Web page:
The New York Times bestselling financial guide aimed squarely at "Generation Debt"—and their parents—from the country's most trusted and dynamic source on money matters.
The Money Book for the Young, Fabulous & Broke is financial expert Suze Orman's answer to a generation's cry for help. They're called "Generation Debt" and "Generation Broke" by the media — people in their twenties and thirties who graduate college with a mountain of student loan debt and are stuck with one of the weakest job markets in recent history. The goals of their parents' generation — buy a house, support a family, send kids to college, retire in style — seem absurdly, depressingly out of reach. They live off their credit cards, may or may not have health insurance, and come up so far short at the end of the month that the idea of saving money is a joke. This generation has it tough, without a doubt, but they're also painfully aware of the urgent need to take matters into their own hands.
The Money Book was written to address the specific financial reality that faces young people today and offers a set of real, not impossible solutions to the problems at hand and the problems ahead. Concisely, pragmatically, and without a whiff of condescension, Suze Orman tells her young, fabulous & broke readers precisely what actions to take and why. Throughout these pages, there are icons that direct readers to a special YF&B domain on Suze's website that offers more specialized information, forms, and interactive tools that further customize the information in the book. Her advice at times bucks conventional wisdom (did she just say use your credit card?) and may even seem counter-intuitive (pay into a retirement fund even though your credit card debt is killing you?), but it's her honesty, understanding, and uncanny ability to anticipate the needs of her readers that has made her the most trusted financial expert of her day.
Over the course of ten chapters that can be consulted methodically, step-by-step or on a strictly need-to-know basis, Suze takes the reader past broke to a secure place where they'll never have to worry about revisiting broke again. And she begins the journey with a bit of overwhelmingly good news (yes, there really is good news): Young people have the greatest asset of all on their side — time.
With more than 6.5 million books in print (nearly three million of The 9 Steps to Financial Freedom alone), an eponymous CNBC show, contributing editorships at O: The Oprah Magazine and Costco Magazine and a biweekly Yahoo! column, Orman commands a great deal of economic bandwidth. This seventh book will be released with a PBS special (her fourth) pitched specifically to 20- and 30-somethings early in their working lives, who are, to put it nicely, having trouble negotiating a challenging economy: "Our starting point is that you are broke, by your or any definition." In the bright, clipped, supportive-but-not-mushy affirmative diction that dominates motivational business titles, Orman lays out a plan for maximizing the little that one has, focusing on ways to raise one's FICO score as a means of making more choices available. ("FICO" stands for the mysterious Fair Isaac Corporation with whom Orman has an arrangement for her own FICOkit.) She runs through a plethora of money problems and what to do about them: credit card debt, student loans, mortgages (and advice on real estate), car payments, taxes, IRAs almost anything one can think of that has to do with financial planning that can seem bewildering when presented by a salesperson, a direct mail solicitation or HR orientation. With its combination of specific solutions and deep knowledge of its target demographic's specific problems, this book positions itself perfectly and will see correspondingly strong sales among its coveted 18 34s.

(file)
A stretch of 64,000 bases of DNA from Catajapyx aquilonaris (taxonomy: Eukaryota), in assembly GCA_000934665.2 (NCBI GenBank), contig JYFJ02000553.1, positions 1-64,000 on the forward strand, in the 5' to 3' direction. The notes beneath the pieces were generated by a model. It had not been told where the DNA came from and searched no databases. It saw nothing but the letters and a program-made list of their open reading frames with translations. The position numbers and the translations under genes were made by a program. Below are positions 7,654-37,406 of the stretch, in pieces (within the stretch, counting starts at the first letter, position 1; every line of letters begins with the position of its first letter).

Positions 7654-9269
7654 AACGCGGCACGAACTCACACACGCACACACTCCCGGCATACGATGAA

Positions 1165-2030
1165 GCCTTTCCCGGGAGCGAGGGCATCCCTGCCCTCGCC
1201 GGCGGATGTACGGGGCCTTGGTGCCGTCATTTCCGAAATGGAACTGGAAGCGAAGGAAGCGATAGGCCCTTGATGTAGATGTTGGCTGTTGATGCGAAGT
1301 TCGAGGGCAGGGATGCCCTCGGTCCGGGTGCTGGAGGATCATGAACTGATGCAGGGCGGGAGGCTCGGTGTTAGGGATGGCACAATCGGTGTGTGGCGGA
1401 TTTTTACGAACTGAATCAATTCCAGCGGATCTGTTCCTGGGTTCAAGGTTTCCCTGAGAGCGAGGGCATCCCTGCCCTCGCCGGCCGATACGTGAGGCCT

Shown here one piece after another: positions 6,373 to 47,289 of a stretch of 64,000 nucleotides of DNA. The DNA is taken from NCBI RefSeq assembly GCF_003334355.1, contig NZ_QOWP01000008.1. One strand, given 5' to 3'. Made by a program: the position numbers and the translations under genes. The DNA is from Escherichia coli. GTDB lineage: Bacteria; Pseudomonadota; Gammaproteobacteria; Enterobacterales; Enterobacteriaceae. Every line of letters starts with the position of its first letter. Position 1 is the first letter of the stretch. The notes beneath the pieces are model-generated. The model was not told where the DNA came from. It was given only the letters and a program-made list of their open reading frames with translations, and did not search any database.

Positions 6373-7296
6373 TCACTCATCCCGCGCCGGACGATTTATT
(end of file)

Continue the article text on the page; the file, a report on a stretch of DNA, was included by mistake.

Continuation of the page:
Customer ReviewsSee All
I made a plan
I read this after I graduated college and got my first job. It has helped me understand my finances and make plans for repaying my student loans. There are also excellent resources referenced to help you get started with your goals and budget. Also, I found this book has made me more optimistic about my future because now I have goals and understand how to achieve them. I would recommend for all recent grads.
Great book for the young 20 ,30 year old
I got this book around the age of 25 and it's a great book, very helpful very. Helped me over a lot of college debt and setting a retirement fund and goals. Love it. Check out hoer shows online and tv.
Fierce, honest, and sassy!
You go, girl!